The Winners Are...
SI Polled NBA head coaches to find out who they think are the league's best in several categories—now that they can no longer answer "Michael Jordan" to every question. We promised the coaches anonymity, and the only rule imposed on the 21 who responded was that they couldn't vote for their own players. The envelopes, please.
•Player you would pick to take the last shot with the game on the line: The Rockets' center Hakeem Olajuwon (seven votes) edged Sun forward Charles Barkley (six). "Olajuwon has the most unstoppable shot in the league," says an Eastern Conference coach. "He can get his own shot, and he's the best at playing through a double team," says another. A Barkley voter from the Western Conference said that "with Jordan gone, Barkley is probably the best one-on-one, go-to guy." Biggest surprise: A vote for Sonic guard Ricky Pierce. "He's a good enough athlete to shoot over people, and he's strong enough to take the foul." says a Western Conference coach. "You can't crowd him, either, because he's a great free throw shooter and he knows how to get to the line."
•Player you would take first if you were starting a franchise: Nearly everyone chose a center, with the Magic's Shaquille O'Neal (nine votes) the clear winner over the Spurs" David Robinson (five) and the Hornets' Alonzo Mourning (four). But most of the votes for O'Neal were cast with reservations. Says one Western Conference coach about Shaq. "You get an inside game, you get rebounding and you get charisma. He'd put people in the seats. Now if he ever learns how to play...." One Western coach who picked Mourning had this assessment of the other top centers: "Here's a guy [O'Neal] who's going to be a part-time basketball player compared to everything else he does. You need longevity, which pushes Hakeem and Patrick [Ewing] out. Robinson? I still don't think he has the guts to win [an NBA championship]." Biggest surprise: a vote for a college player. California sophomore guard Jason Kidd.
•Most underrated player: Bull forward Horace Grant (three votes) edged Warrior guard Latrell Sprewell and Hawk guard Mookie Blaylock (two each) in a widely split vote. Grant's total didn't include the Eastern coach who voted for "Chicago's whole team." Three Bulls-Grant and guards B.J. Armstrong and Steve Kerr—received votes.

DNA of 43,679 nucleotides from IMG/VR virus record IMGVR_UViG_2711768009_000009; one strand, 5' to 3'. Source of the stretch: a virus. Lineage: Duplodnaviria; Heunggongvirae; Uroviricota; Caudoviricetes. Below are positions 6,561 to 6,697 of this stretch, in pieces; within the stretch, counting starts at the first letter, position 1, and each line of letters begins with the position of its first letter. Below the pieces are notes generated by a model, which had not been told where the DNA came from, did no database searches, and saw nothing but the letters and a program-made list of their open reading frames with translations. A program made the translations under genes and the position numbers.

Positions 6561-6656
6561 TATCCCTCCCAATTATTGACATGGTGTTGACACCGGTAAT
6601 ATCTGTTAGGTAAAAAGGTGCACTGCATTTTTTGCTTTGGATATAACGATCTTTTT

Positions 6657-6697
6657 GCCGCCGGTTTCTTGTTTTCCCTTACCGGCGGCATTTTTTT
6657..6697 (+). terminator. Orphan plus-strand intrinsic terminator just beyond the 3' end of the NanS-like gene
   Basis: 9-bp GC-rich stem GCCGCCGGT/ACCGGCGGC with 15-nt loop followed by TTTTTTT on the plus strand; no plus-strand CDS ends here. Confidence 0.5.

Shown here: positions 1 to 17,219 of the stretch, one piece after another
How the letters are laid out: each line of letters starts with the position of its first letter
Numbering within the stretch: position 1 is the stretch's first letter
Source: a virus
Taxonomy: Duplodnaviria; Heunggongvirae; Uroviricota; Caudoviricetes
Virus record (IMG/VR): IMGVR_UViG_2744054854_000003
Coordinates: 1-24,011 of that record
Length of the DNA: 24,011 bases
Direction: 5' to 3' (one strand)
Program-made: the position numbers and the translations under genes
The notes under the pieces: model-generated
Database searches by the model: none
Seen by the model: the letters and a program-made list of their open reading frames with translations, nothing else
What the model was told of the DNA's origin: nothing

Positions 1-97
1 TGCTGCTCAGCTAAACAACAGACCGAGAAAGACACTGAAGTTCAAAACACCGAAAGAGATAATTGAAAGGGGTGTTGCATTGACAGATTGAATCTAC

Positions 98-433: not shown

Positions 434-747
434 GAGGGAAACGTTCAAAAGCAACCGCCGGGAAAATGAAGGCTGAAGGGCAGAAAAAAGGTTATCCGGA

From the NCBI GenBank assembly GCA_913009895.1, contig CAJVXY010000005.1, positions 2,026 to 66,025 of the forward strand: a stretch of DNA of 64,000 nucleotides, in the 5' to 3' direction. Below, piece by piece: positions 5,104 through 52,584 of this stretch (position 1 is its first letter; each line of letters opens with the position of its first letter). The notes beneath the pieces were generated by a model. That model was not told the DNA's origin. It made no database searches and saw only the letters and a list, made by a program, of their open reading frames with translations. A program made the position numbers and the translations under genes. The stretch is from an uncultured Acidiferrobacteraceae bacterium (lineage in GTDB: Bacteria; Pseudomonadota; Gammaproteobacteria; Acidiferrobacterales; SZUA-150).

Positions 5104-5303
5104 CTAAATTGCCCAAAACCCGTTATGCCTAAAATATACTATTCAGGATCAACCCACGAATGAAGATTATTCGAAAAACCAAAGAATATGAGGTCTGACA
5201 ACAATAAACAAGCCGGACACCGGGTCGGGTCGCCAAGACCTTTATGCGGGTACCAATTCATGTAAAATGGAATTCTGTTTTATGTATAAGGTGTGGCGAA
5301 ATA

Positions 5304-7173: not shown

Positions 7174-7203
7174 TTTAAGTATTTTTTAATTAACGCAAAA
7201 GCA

•Most overrated player: Again, a wide split, with Trail Blazer guard Clyde Drexler and Net forward Derrick Coleman leading the way with three votes each. "It's a long list," says one Western coach about overrated players. "Where do I start?" Coaches picked the 31-year-old Drexler because they think age and injuries have eroded his game. As for Coleman, "I think he's a very good player, so I'm kind of talking out of both sides of my mouth." says a Western Conference coach. "But something seems to be missing there. If he's really a unique talent, he should be able to carry that team a little bit further." Biggest surprise: a vote for Warrior forward Chris Mullin. "He always gets great numbers, but he has trouble getting a big shot down the stretch, and he can't create his own shot," says a Western coach. Jazz forward Karl Ma-lone received one vote each for most underrated and most overrated.
•Best one-on-one defender: Bull forward Scottie Pippen (six votes) edged Spur forward Dennis Rodman (four). Olajuwon, Blaylock and Sonic guard Gary Payton (two votes each) were the only other players chosen by more than one coach. "Rodman used to be the guy. but he's slipped—he doesn't like to go too far from the basket anymore," says a Western coach, I think Pippen can disrupt more than Rodman." Biggest surprise: a vote for Knick backup forward Anthony Mason. "Every time I see him put his mind to covering someone, he locks them up," says a Western coach. "He has strength, quickness and a mean streak that won't let you go."